Crispy Fried Chicken at Home
There’s an undeniable appeal to hot, crunchy fried chicken. Once you master the art of frying chicken at home, you’ll never go back. Chefs and grandmas alike boast about their “perfect” recipes, featuring their special coatings and signature spice blends. But the truth is, anyone can achieve fried chicken perfection with a little practice. Deep-frying may seem daunting for many home cooks, but it’s actually quite simple. All you need are a few basic tools and some time. Don’t be discouraged by the amount of oil involved; you can reuse it. Once the oil has cooled after frying, strain it, refrigerate it, and use it again (never pour oil down the drain). Once you’ve mastered the art of making fried chicken, you’ll be the star of every picnic and party, serving up large batches of chicken with delicious Southern sides like biscuits, collards, and slaw. And the best part? You can enjoy fried chicken at room temperature or even cold straight from the fridge. Follow this foolproof recipe, and you’ll be golden.
What Type of Chicken Should You Choose?
When it comes to frying chicken, we recommend using skin-on, bone-in chicken. This allows the skin to become crispy while keeping the meat juicy. You can use any part of the chicken for frying, including wings. You have the option of buying pre-packaged chicken parts or a whole chicken that you can cut into pieces yourself, such as breasts, drumsticks, thighs, and wings. Alternatively, you can simply purchase the parts you enjoy the most. If you prefer dark meat, opt for drumsticks and thighs, while those who prefer white meat can choose breasts. Keep in mind that breasts take slightly longer to cook.
Choosing the Right Oil
Opinions may vary when it comes to the best oil for frying chicken. Some people prefer shortening or lard, while others opt for oil. Many find that a combination of the two works well. The key is to use an oil with a high smoke point, meaning it can withstand high temperatures without burning. Vegetable oil, canola oil, or peanut oil are all great options, whereas olive oil and butter have lower smoke points. The ideal temperature for frying chicken ranges from 350˚ to 365˚F. Ensure you bring the oil back to temperature between each batch.
To Brine or Not to Brine?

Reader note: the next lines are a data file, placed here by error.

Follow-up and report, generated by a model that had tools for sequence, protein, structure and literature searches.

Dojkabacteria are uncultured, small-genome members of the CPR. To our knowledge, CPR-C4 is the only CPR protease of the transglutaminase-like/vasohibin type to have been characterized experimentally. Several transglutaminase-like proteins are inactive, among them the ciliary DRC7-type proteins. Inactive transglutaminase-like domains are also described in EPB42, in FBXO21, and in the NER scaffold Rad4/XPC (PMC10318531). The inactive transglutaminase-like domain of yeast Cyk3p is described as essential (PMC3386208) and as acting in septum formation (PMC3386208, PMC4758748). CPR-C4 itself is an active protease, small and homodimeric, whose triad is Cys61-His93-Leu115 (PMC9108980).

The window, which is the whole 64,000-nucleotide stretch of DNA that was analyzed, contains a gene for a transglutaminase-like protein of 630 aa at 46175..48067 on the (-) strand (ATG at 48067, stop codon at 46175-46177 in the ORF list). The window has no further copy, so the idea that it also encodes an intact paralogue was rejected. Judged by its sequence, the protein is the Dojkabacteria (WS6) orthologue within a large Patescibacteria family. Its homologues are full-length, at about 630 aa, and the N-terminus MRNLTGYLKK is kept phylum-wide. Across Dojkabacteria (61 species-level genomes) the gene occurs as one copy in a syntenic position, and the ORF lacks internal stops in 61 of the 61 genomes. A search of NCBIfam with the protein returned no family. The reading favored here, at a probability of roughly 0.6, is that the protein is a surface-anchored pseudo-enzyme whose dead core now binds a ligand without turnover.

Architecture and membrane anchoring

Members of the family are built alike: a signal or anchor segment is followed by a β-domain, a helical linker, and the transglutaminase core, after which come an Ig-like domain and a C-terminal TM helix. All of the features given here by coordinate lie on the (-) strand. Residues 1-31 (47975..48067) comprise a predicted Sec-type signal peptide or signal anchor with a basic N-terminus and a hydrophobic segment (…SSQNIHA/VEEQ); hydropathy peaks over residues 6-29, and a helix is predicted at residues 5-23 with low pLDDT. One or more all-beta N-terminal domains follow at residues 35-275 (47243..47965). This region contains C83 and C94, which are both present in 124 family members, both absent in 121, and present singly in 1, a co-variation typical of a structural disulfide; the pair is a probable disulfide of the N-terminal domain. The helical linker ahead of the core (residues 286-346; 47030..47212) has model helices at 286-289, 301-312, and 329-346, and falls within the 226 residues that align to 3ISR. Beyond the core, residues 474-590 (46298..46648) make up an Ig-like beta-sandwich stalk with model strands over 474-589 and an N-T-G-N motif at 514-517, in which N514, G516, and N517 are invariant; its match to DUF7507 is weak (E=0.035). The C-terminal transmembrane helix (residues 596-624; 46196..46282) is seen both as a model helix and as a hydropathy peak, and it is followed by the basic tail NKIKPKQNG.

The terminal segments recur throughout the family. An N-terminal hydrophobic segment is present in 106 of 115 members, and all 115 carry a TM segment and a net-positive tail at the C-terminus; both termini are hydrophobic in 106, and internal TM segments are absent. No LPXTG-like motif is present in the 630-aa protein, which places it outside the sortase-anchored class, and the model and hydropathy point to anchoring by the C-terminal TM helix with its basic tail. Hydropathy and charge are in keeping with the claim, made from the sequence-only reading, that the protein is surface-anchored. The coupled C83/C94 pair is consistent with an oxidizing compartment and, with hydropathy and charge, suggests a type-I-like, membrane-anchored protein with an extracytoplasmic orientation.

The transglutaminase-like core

Our favorite method for making fried chicken involves a buttermilk brine. Create a buttermilk brine or use straight buttermilk (you can customize it with your favorite hot sauce). Let the chicken sit in the mixture for a few hours or overnight. This step not only tenderizes the chicken but also adds a delightful burst of flavor.
Essential Equipment for Frying Chicken
You probably already have everything you need to fry chicken at home. While Southern cooks often rely on a cast-iron skillet, if you’re new to frying, a deeper option may be more suitable. Consider using a Dutch oven – it conducts heat well and has higher sides to contain the oil. Having long tongs on hand is essential for adding and removing the chicken from the hot oil while minimizing splattering. It’s also beneficial to have two types of thermometers: a deep-fry thermometer or candy thermometer to test the oil temperature and a meat thermometer to check the internal temperature of the cooked chicken.
Safety First: Frying Chicken at Home
When deep-frying chicken, it’s best to plan ahead to avoid any last-minute reaching or scrambling. Set up a designated frying station. Fill your Dutch oven with oil and attach a deep-fry thermometer before turning on the heat. Prepare your chicken, bread it, and have it ready to go. Then, use long tongs to carefully lower the chicken into the hot oil and remove it from the oil, keeping your hands as far away from the oil as possible.
How Long Does It Take to Fry Chicken?
Preparing fried chicken is an excellent weekend project that requires a few hours to complete, or even longer if you choose to brine overnight. The good news is that most of the time is hands-off, allowing you to focus on other tasks.
Serving Perfectly Fried Chicken
After frying, allow the chicken to drain for at least 10 minutes. Arrange it on a rack set over a paper towel-lined baking sheet to catch any excess oil and ensure proper airflow, preventing the chicken from becoming soggy. Fried chicken pairs wonderfully with traditional Southern sides like slaw, sautéed greens, mashed potatoes, biscuits, or cornbread. However, the choice is yours – you really can’t go wrong!
For more delicious recipes and cooking tips, check out Family Cuisine.